Legal translation often entails a very different approach than the translation of non-specialized texts. I ask my clients why they need their documents translated so that I can prepare my translations to be presented to the relevant audience. Read some of the case studies below to learn about the value added when you select a translator who specializes exclusively in legal translation.
Case Study 1
Translators may be tempted to assume that a word that sounds the same in English as it does in a foreign language has the same definition or connotation in both languages. However, this is not always the case. In Spanish, a notario is usually an attorney while in American English, a notary public is not necessarily an attorney. A translator who does not take into consideration the legal context of language might erroneously translate notary public as notario, which may cause a notary public to inaccurately represent themselves as a legal advisor. Alternatively, a translator might erroneously translate notario as notary public, failing to accurately convey a notario's foreign education in law. A competent legal translator would leave either term in its original language (in italics throughout the document), opting to add a short explanatory note in brackets after the term's first appearance in a document.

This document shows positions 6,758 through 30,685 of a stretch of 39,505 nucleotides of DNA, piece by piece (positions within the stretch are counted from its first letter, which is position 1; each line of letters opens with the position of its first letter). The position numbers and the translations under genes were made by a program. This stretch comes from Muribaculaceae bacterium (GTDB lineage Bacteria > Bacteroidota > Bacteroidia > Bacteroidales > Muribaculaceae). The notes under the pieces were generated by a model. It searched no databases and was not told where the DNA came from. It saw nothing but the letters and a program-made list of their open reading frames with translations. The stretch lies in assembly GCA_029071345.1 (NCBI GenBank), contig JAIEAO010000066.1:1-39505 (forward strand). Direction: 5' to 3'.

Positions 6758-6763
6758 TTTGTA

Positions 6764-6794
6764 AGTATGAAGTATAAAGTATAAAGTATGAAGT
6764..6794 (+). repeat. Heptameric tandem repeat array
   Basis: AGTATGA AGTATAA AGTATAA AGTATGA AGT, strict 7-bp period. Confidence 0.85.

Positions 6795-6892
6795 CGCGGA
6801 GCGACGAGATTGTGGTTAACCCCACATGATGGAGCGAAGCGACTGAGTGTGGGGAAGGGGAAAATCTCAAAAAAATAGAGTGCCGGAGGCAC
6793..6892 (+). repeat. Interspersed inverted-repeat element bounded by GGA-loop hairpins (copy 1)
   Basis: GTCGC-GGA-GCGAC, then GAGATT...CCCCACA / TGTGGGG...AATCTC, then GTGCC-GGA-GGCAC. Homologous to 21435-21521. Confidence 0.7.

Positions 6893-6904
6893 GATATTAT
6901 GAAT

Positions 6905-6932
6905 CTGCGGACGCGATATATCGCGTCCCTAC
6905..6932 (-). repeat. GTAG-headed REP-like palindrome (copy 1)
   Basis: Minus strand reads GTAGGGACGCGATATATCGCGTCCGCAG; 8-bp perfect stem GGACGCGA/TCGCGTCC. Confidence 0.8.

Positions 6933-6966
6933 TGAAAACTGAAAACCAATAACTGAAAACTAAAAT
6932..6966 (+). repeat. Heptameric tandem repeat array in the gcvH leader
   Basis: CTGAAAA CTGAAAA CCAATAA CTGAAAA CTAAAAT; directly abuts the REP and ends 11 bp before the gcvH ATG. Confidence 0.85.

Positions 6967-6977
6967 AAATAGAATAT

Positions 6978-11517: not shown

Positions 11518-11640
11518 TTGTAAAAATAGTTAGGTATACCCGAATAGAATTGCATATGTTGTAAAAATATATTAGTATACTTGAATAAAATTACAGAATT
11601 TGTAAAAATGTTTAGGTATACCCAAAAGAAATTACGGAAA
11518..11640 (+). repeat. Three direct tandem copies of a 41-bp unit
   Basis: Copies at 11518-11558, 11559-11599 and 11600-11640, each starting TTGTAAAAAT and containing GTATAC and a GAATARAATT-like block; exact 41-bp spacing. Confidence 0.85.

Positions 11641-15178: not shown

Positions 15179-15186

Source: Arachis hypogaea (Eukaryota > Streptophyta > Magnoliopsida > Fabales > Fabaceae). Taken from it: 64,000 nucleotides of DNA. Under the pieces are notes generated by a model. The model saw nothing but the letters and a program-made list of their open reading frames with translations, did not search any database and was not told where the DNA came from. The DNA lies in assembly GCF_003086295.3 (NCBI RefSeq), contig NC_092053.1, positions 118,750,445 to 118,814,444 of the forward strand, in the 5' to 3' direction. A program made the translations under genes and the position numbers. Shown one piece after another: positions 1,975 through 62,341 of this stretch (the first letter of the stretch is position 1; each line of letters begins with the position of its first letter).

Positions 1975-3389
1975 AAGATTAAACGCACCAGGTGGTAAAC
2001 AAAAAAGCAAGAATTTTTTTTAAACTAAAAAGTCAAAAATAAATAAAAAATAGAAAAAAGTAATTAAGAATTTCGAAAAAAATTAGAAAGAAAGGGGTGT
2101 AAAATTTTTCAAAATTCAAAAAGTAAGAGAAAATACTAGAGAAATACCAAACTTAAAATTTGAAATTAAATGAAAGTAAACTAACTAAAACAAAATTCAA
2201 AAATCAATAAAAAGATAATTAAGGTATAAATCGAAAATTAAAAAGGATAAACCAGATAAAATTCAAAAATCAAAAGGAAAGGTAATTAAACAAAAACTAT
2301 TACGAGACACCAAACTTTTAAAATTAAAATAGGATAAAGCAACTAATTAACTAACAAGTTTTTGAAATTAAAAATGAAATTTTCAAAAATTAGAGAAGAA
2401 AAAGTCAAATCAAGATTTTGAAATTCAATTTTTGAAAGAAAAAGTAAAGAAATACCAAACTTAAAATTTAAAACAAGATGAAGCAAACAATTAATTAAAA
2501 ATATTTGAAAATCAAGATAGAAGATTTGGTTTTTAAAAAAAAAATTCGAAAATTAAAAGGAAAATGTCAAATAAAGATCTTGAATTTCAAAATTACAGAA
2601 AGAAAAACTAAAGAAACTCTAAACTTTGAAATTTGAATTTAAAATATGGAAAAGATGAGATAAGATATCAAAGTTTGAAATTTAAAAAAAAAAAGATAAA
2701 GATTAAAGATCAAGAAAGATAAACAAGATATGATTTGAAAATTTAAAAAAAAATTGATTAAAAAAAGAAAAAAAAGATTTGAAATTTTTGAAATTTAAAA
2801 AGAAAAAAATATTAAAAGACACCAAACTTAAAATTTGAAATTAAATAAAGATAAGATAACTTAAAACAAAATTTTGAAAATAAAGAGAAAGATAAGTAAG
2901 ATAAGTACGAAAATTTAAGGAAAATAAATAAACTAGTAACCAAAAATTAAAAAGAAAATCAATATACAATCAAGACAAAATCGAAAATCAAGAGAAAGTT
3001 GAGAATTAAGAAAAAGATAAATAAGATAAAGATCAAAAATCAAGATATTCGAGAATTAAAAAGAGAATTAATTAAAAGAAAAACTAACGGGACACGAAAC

Case Study 2
Oftentimes, it is considered appropriate for translators to omit foreign honorifics that do not have an American English equivalent (such as licenciado in Spanish or ragioniere in Italian). However, honorifics serve as important evidence of an individual's actual or perceived professional qualifications. It may be okay to omit honorifics in a translation of a friendly letter, but it may be a serious error to omit honorifics in a translation used as evidence in court to prove that an individual lied about their professional qualifications.
Case Study 3
Translators may be tempted to ignore typos in an original document and "correct" those typos in their translations. This may be an acceptable practice when translating a newspaper article for a client who is not also the article's author, but it may be a serious error to omit any mention of typos in a translation of a document which appears to be a police-issued "certificate of good conduct" but may actually be a forgery.
Do your translation justice.
I will personally review your Spanish- or Italian-language documents so that we can discuss language solutions.